BiKBBI CEO Damian Walters reacts to the Chancellor’s Autumn Statement after a weekend of reflection.
Last week, the government undertook its third fiscal statement in as many months. The expectation for this budget was far greater than the previous 2022 statements, largely due to the damage caused by the previous ‘mini budget’ which created even further economic instability.
As the UK continues to battle with rising costs on all fronts, driven mainly by the post-pandemic fall out and the war in Ukraine, the Chancellor needed to back up his pledge to create stability for the country.
There were some encouraging messages around the government’s support and investment in our NHS, social care and the armed forces. Equally, it was very reassuring to hear reference to the importance of apprenticeships and vocational learning to drive economic growth. But within the key points, there were some areas of concern for the UK’s 5.5 million small businesses as the government seeks to find a balance between stability and growth.
The British Institute of KBB Installation represents thousands of micro-SMEs and, whilst fully supportive of the need to tackle inflation in order to stabilise the economy, it is vital that this is done in conjunction with measures to create conditions for growth within business.
BiKBBI CEO, Damian Walters commented ‘Our members are already facing commercial challenges through inflated operating costs, ludicrous price increases in materials, supply chain struggles, falling revenue, and shrinking availability of affordable finance. Add to this the rising trend of late payments and being owed money as a result of customers going into administration, it is clear that BiKBBI members, along with thousands of other SMEs, are forecasting turbulent trading conditions for the foreseeable future. Measures introduced in the Autumn budget could add even further burden to the hardworking businesses owners servicing a vital sector of the home improvements industry.’
Whilst the KBB sector has flourished over the last two years, as consumers invested in their living environments during and post Covid, the industry is starting to experience a slowdown which will undoubtably lead to uncertainty for many. The home improvement and construction industries are in the midst of a skills gap crisis, an enormous shortfall of professional operatives to deliver the critical front line component needed to meet housing upgrade and construction targets. A freeze in the VAT registration threshold means that many small businesses who experience increased turnover as a result of rising costs will be required to register for VAT. This could potentially deter investment and remove the incentive for small businesses to grow.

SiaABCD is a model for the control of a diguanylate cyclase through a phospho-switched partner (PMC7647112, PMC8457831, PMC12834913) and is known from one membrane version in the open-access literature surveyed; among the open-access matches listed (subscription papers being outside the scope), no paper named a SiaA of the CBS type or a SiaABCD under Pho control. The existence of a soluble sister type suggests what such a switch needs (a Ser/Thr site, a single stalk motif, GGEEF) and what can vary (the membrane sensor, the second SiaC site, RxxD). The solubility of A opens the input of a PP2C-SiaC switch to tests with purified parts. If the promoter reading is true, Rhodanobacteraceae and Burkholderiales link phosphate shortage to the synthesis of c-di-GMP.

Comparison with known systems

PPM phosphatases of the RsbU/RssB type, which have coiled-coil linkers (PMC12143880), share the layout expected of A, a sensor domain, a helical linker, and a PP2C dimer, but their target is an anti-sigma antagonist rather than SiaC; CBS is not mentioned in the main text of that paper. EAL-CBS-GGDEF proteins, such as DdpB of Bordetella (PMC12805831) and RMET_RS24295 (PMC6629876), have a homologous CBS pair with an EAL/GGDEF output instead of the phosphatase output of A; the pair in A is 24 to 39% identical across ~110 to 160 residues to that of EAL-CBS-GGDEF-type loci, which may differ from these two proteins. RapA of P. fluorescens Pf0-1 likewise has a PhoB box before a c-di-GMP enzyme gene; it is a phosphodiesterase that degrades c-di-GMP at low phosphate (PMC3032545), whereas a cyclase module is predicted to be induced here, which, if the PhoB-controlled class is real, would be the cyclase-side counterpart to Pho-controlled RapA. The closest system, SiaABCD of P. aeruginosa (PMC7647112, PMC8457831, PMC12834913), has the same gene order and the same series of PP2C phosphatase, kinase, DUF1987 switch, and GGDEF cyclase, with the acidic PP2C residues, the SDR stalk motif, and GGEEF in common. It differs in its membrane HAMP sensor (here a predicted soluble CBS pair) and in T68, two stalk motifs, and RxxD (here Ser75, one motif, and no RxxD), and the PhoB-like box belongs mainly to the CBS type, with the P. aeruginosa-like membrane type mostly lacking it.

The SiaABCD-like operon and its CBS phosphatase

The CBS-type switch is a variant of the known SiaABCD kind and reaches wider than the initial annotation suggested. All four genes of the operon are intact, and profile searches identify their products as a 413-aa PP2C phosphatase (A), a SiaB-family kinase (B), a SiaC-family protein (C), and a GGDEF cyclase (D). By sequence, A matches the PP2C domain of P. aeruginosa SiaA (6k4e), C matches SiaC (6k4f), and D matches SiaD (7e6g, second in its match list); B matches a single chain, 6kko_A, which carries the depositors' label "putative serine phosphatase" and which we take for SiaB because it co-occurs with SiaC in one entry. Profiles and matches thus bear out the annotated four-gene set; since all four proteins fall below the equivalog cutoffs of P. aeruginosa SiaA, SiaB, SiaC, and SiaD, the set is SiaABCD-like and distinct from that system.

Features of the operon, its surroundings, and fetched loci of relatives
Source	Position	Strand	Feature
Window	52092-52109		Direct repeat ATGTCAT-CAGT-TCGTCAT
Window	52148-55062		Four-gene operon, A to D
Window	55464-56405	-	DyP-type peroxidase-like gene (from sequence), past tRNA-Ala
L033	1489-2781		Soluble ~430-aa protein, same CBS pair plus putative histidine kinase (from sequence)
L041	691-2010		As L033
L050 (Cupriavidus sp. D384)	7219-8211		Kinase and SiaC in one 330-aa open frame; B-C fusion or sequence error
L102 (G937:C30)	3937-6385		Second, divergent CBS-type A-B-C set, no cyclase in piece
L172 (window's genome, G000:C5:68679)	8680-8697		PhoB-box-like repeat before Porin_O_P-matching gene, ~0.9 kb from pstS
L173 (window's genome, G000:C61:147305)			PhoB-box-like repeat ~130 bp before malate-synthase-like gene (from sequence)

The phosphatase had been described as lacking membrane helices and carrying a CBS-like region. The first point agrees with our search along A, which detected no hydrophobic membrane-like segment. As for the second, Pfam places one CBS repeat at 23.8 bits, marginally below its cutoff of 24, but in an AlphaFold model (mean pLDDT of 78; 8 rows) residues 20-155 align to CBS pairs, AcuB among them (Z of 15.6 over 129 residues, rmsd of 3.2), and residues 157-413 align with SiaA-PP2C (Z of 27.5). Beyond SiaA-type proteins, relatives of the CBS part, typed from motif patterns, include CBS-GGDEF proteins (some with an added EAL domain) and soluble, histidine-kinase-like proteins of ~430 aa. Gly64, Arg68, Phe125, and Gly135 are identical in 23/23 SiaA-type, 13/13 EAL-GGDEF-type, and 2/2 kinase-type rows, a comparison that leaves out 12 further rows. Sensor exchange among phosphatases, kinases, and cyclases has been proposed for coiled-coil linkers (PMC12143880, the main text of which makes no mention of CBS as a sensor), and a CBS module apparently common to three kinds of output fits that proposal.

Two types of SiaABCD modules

Alongside this, the justified rise in the National Living Wage, will ramp up the costs of employment without offsetting that against significant measures to reduce other business costs.
The decision to cut dividend taxation allowances will be yet another blow for hard-working owners of small limited businesses, particularly as it is likely these individuals will be the same group that were excluded from the government’s furlough scheme and any other support during the darkest days of the pandemic, and then more recently pushed out of the cut in National Insurance contributions..
There are a few saving graces; the retention of the Employment Allowance at its current level, which was hard fought for by the Federation of Small Businesses, and the continuation of the lower National Insurance rate for the self-employed and employees which government predicts will save SMEs around £4,200 per year on average
And positively, the Energy Bill Relief Scheme will remain in place until March 2023, helping businesses through a very tough winter ahead and there Is an expectation of further targeted support for the most vulnerable businesses.
Whilst it is impossible to predict the impact that the latest round of fiscal measures will have in real terms, BiKBBI remains committed to supporting our members, partners, sponsors, the wider industry and the consumers they serve, throughout these challenging times.
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